Guest Blogger Bike Snob NYC battles the snow
2 Feb 2016 | Posted by Bike Snob NYC | Categories: Bicycles, Events, Friends, Monthly highlights, Sports Cycling, Travel & Adventure Cycling, Urban Cycling
New York City. The Capital of the World. A great financial and cultural dynamo hub illuminating the rest of America and beyond. Birthplace of the skyscraper, hip hip, and the “New York minute,” which is just a regular minute with extra cheese.
When it comes to cycling, however, one could argue our heyday is well behind us. Madison Square Garden was a Mecca of six-day racing…like a hundred years ago. New York City’s bike messengers were once iconic…though the style’s been appropriated worldwide, and “Quicksilver” to “Premium Rush” represents a precipitous decline. Alas, we used to set the pace, but now it comes to “bike culture” we’re playing catch-up.
Consider the whole fat bike thing. They’ve been riding fat bikes for years out there in “Fargo” country, but New York City’s first-ever fat bike race wasn’t until January 23rd, 2016 in Cunningham Park, Queens:
Long thought unsurpassable, 2015 saw two exceptional mile-eaters take on cycling's Year Record. Jack Thurston looks back at how the oldest and toughest record in cycling was finally broken.
25 Jan 2016 | Posted by Jack Thurston | Categories: Bicycles, Correspondence, Monthly highlights, Sports Cycling, Travel & Adventure Cycling
In Ancient Greek mythology, Zeus punishes Sisyphus for his avarice and cunning by condemning him to repeat forever the same meaningless task of pushing a boulder up a mountain, only to see it roll down again. The notion of punishment by arduous, never-ending and ultimately meaningless toil is not confined to Ancient Greece. In traditional Chinese folklore a miscreant named Wu Gang faces the divine punishment of forever chopping down a self-regenerating osmanthus tree that grows on the moon. The cycling equivalent of these mythical tortures is the Year Record. The thought of getting on a bike, riding for more than twelve hours only to get up the next day and do it all again, and again and again for a whole year makes me shudder. I’d rather fly to the moon with my felling axe.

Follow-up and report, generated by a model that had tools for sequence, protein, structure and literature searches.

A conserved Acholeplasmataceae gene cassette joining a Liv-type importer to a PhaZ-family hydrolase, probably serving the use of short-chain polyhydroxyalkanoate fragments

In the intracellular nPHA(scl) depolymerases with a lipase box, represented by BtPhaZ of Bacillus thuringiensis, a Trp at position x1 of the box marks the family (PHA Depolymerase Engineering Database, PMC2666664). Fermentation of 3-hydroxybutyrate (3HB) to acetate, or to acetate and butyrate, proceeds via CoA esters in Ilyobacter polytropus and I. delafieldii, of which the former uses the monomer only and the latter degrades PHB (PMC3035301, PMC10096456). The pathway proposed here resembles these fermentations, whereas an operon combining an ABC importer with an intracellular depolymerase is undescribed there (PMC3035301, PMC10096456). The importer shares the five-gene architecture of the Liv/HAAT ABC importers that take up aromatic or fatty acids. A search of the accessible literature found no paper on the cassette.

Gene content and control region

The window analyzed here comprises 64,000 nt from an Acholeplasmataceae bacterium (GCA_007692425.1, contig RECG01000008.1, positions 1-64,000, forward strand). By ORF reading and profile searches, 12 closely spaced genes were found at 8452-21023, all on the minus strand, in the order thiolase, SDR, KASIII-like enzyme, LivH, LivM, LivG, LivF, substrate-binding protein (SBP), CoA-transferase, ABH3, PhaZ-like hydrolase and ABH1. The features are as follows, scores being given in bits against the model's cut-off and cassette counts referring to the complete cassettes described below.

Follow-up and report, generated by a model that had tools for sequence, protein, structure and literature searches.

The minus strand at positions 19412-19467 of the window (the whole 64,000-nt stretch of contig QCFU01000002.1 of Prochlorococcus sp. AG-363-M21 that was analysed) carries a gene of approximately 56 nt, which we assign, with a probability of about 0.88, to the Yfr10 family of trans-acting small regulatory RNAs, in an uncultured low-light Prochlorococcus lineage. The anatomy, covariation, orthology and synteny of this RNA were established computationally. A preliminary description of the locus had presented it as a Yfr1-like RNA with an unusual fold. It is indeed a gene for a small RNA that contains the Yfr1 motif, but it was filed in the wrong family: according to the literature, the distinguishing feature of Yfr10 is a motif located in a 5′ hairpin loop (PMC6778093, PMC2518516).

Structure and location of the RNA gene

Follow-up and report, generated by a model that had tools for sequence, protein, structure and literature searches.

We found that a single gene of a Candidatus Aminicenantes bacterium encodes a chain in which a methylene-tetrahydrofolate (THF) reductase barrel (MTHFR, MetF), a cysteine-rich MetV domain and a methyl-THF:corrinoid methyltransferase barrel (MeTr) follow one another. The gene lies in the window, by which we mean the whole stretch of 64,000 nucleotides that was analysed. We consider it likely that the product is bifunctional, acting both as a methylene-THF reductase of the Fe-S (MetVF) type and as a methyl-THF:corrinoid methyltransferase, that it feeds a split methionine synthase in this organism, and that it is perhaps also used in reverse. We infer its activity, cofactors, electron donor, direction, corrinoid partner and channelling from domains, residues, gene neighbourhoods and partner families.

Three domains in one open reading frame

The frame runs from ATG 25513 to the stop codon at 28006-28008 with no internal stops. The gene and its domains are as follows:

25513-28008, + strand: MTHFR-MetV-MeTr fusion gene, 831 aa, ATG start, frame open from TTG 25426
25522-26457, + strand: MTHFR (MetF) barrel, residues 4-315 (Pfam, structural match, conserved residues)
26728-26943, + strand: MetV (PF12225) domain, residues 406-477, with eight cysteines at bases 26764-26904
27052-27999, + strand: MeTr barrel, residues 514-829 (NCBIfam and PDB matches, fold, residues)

Sisyphus by Titian
Camille McMillan brings us a tardy piece of reportage
20 Jan 2016 | Posted by GUEST | Categories: Bicycles, Correspondence, Events, Monthly highlights, Travel & Adventure Cycling
Just before the start of the Transcontinental, Austrian, Walter Reiterer, In his printed Lederhosen
For a time bike racing had lost its shine for me. I was beginning to resent the bicycle and in particular bike racing. The gloss of the Tour de France, the hyperbole of the spring Classics, Super teams with P.R banality, with brand guidelines, overkill!
Juliet drops by to deliver her highlights of 2015
6 Jan 2016 | Posted by Juliet Elliott | Categories: Bicycles, Correspondence, Friends, Monthly highlights, Stories, Travel & Adventure Cycling, Urban Cycling
Like many people, at this time of year I find myself reflecting on what’s gone before, looking back over the past twelve months and reflecting on the moments I’ve particularly enjoyed. As I’m one hell of a lucky lady, there have been a whole load of fun times in 2015, so in no particular order, here are my rides of the year.
Guest Blogger Bike Snob NYC Goes Shopping
23 Dec 2015 | Posted by Bike Snob NYC | Categories: Bicycles, Correspondence, Monthly highlights, Stories, Urban Cycling
When last we met, my son and I were enjoying a post-Thanksgiving ride just north of the city: